Does Clearing Credit Card Balances in Full Affect Your Score?

In Q1 of 2020 alone, US consumers accumulated credit card debts worth $893 billion, according to the New York Fed Reserve. But are consumers making any efforts to clear off these balances?

Any attempts to reduce this growing hill of debt is a win-win for cardholders and credit card companies, but many debtors won’t pay off balances because of myths and misinformation.

The majority believe that clearing your debt in full could negatively impact your credit score, a rumor that experts seek have so far discredited.

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Can Clearing Credit Card Balances in Full Affect Your Score?

No, it can’t, according to experts. In truth, settling all credit card debts can even improve your credit score and offer many other benefits as we’re yet to see.

As Nami Baral, CEO of Harvest, says, “It not only impacts your credit score positively but also shapes your overall financial health.”

Harvest is a personal finance agency that advises consumers on money matters. According to the CEO, clearing balances is essential in lowering your credit utilization ratio.

As its name suggests, it refers to the amount of credit present for use and is factor number 2 in credit scores after payment habits.

“Based on other types of debt one may have on their credit record, a full repayment could boost the credit score significantly, says Baral.

In a nutshell, settling credit card balances improves credit based on how it impacts overall credit utilization.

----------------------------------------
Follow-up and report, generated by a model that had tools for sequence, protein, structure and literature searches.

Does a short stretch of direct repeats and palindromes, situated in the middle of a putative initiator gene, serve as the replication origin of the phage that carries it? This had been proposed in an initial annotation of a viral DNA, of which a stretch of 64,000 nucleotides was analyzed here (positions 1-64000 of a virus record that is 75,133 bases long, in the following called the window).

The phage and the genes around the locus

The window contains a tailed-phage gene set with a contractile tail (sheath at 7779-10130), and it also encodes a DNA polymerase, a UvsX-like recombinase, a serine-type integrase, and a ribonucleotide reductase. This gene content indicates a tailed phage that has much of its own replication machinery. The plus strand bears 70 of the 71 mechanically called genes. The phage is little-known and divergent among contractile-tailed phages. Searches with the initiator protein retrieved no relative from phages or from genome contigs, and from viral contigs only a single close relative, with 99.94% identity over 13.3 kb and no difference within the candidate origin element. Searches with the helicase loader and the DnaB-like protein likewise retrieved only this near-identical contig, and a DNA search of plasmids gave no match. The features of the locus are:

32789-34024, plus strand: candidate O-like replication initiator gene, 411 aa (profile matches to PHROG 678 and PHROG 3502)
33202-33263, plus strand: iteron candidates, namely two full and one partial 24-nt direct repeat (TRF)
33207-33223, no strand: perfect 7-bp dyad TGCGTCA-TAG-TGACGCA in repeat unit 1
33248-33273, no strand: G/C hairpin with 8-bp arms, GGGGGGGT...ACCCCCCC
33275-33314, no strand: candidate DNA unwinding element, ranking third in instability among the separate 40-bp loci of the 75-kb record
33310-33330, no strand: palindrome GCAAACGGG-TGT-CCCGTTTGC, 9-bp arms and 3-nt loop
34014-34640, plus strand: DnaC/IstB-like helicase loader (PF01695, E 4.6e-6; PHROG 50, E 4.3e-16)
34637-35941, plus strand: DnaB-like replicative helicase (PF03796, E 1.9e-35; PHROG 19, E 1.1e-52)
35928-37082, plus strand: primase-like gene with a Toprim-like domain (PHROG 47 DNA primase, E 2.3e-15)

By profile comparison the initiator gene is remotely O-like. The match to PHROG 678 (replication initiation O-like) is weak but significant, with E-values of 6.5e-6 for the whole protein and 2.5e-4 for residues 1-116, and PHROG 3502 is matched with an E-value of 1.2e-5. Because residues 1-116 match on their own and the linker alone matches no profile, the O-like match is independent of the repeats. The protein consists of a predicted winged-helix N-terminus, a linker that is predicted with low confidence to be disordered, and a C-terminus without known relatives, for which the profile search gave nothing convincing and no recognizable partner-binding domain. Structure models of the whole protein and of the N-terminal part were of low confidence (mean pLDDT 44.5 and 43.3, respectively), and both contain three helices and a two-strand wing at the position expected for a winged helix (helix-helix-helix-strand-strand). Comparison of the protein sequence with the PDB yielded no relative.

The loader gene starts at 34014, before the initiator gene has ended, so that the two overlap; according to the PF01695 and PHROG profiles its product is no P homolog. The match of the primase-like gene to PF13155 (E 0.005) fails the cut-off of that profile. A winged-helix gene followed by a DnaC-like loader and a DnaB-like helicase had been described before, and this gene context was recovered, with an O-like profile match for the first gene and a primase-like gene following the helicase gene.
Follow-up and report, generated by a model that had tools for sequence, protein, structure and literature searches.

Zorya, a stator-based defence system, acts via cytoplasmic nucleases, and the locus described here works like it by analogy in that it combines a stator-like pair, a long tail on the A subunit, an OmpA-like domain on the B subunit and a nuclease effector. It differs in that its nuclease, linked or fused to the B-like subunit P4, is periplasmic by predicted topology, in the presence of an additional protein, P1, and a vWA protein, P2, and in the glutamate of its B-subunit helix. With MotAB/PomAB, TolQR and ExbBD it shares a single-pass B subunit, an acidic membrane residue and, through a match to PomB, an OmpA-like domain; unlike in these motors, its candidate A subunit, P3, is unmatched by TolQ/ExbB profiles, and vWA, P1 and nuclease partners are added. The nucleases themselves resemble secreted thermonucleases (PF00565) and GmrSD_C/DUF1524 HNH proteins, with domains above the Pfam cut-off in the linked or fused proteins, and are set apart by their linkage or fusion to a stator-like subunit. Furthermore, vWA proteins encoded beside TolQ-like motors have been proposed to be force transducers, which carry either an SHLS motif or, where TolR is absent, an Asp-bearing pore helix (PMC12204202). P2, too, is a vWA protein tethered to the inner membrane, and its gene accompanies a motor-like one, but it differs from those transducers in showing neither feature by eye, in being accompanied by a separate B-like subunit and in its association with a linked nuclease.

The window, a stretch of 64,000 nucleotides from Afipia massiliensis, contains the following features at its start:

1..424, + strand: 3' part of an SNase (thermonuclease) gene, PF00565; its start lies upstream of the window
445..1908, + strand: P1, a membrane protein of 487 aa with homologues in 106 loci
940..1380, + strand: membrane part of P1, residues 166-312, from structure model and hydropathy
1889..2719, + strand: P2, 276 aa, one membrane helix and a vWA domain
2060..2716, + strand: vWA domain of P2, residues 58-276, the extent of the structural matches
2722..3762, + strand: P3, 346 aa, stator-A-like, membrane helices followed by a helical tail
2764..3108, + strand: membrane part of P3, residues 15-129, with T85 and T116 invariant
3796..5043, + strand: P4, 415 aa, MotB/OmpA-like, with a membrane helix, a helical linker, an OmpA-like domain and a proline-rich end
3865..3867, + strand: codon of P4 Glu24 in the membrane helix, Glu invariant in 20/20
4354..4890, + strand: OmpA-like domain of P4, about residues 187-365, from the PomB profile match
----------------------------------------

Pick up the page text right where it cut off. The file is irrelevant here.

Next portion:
Almost all credit card companies check the following when giving scores;

  1. Payment record
  2. Credit utilization
  3. The age of active accounts
  4. Credit inquiries
  5. The different credit types

In light of that, Crafty Dollar Founder, Joel Klein, explains that settling only a small credit card debt won’t make a significant change in your score, especially if you have huge debts on other credit card accounts.

“Still, it is okay to clear off credit card balances if your primary goal is to boost your score,” says Klein. “Plus, a debt-free credit card account also means lenders won’t subject you to monthly high-interest rates.”

“This can also boost your credit cap and increase eligibility to lower interest rates on loans, which can add up to thousands for a mortgage,” says Jordan Parker, creator of “And finally, you have the psychological relief that you have finally settled your balances.”

Author Bio: Michael Hollis is a Detroit native who has helped hundreds of business owners with their high risk business loans. He’s experimented with various occupations: computer programming, dog-training, accounting… But his favorite is the one he’s now doing — providing business funding for hard-working business owners across the country.

Dan Alhabsy

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